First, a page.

According to the present invention there is interposed between the system amplifier 12 and the speaker system 16 a voice processor system 18 that causes the voice sound projected by the speaker system 16 to have greatly enhanced intelligibility even in the presence of very high background noise, and without significantly increasing the level of the sound produced by the speaker 16. The system of FIG. 1, with the sole substitution of a recording device for the device illustrated as speaker system 16, may be used to make enhanced intelligibility recordings, either to be played back in a noisy environment or to record voices spoken initially in a noisy environment. Such systems will be described more particularly below.
Voice processor 18 is an active self-adaptive system that takes advantage of the manner in which human speech is generated, heard and processed by the individual human ear and brain. Briefly, processing system 18 identifies vocal formants of vowels, consonants, fricatives and plosives, selectively amplifies and weights them, and combines them to provide a voice signal of greatly increased intelligibility.
A brief description of mechanics of speech generation and comprehension will help to understand operation of the present invention. Human speech is produced by generating sounds in the vocal tract, which causes these sounds to resonate at different frequencies. Vowels are generated by an air stream expelled from the lungs to cause vibration of the human vocal folds, generally known as vocal cords. Sound generated by vibration of the vocal cords is composed of a fundamental frequency or base band and many harmonic partials or overtones, at successively higher frequencies. Amplitudes of the harmonics decrease with increasing frequency at a rate of about 12 decibels per octave. The base band or fundamental frequency and its overtones pass through the vocal tract, which includes various cavities within the throat, head and mouth that provide a plurality of individual resonances. The vocal tract has a plurality of characteristic modes of resonance and to some extent acts as a plurality of resonators operating on the base band or fundamental frequency and its overtones. Because of the selective resonating action of the vocal tract, amplitudes of the several partials of the fundamental frequency of the vocal cords do not decrease in a smooth curve with increasing frequency, but exhibit sharp peaks at frequencies corresponding to the particular resonances of the vocal tract. These peaks or resonances are termed "formants".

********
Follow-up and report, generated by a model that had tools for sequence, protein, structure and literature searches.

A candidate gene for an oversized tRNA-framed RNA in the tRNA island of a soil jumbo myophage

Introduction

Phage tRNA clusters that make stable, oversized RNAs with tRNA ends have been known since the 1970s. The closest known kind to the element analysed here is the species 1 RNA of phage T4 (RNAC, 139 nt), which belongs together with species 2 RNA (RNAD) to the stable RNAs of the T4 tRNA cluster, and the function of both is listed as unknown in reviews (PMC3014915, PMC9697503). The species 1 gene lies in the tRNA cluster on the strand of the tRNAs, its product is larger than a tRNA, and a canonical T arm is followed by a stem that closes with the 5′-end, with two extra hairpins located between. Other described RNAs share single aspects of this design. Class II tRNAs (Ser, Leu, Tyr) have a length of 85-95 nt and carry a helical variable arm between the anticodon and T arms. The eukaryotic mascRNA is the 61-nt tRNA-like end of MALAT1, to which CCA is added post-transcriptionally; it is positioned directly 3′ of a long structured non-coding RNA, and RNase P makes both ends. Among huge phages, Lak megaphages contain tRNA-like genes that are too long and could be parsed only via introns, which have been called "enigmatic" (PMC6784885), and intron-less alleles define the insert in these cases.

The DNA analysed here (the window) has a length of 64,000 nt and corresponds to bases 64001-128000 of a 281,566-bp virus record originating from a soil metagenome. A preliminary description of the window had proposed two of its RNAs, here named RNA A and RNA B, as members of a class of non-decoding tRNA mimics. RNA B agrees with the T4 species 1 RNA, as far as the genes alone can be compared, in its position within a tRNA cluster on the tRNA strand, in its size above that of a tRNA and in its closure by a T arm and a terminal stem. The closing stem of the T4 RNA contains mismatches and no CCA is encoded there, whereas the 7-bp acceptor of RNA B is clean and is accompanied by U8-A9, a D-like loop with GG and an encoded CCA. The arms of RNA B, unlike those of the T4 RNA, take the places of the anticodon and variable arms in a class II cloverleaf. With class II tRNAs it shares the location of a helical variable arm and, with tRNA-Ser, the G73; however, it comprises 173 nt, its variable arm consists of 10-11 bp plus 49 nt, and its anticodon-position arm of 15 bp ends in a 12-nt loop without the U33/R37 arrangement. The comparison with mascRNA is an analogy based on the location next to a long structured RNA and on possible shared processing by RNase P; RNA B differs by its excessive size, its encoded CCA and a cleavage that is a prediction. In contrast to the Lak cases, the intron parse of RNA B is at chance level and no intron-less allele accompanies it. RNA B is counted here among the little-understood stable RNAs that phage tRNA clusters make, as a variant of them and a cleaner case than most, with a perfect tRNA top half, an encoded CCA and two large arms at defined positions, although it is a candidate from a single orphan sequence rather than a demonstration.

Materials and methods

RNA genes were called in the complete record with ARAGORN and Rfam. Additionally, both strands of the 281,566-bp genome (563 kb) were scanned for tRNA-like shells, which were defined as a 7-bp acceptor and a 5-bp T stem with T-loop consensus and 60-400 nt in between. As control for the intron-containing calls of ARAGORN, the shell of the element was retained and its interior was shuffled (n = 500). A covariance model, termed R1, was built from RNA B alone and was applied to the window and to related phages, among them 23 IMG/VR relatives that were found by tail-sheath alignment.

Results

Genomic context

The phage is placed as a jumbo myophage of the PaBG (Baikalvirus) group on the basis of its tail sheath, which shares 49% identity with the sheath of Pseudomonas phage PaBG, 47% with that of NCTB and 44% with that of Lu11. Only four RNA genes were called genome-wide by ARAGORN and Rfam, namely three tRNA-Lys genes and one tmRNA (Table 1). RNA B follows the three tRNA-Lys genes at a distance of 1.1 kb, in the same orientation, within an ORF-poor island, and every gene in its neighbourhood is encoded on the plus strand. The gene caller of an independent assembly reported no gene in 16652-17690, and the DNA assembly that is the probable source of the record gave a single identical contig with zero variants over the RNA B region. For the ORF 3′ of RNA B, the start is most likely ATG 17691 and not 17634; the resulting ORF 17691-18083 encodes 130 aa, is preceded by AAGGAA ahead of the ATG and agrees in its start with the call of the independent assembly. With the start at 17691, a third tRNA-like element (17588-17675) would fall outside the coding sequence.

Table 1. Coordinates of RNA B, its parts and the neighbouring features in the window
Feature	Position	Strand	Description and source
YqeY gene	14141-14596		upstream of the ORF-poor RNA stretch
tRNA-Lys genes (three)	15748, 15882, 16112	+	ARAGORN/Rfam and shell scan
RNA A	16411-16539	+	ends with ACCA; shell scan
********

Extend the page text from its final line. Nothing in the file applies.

FIG. 2 illustrates a graph of a voiced sound (e.g. a vowel), plotting amplitude against frequency of a number of harmonics. At the left side of the graph, at the lowest frequency, is the fundamental frequency or base band caused by vibration of the vocal cords. This base band frequency is between about 60 and 250 hertz for a typical adult male voice. The many harmonics of the fundamental frequency are indicated by the individual components, such as 22a, 22b, 22c, etc. It can be seen that the entire voice signal is made up of the base band and a large number of individual harmonics over the entire frequency band. The frequency band of interest in voice signals is generally between 60 and about 7,500 hertz. FIG. 2 illustrates the fact that the individual harmonics, which have amplitudes that naturally decrease with increasing frequency, do not decrease in amplitude in a smooth curve, but rather exhibit certain peaks, such as those indicated at 26, 28, and 30. These peaks represent the individual resonances of the vocal tract and are illustrated for purposes of exposition as being three in number, although there may be as many as four, five or more in an ordinary human vocal tract. These peaks, or vocal tract resonances, are the formants of the spoken voice. In an adult male the first four (lower frequency) formants are close to about 500, 1500, 2500 and 3500 hertz, respectively. Moving the various articulatory organs (including the jaw, the body of the tongue, the tip of the tongue) changes frequency of the several formants over a wide range. Different formant frequencies have different sensitivities to shape or position of individual articulatory organs. It is selected movement of these organs that each human speaker employs to give voice to a selected vowel. Conversely, when listening to spoken words each vowel can be recognized by its unique set of formants.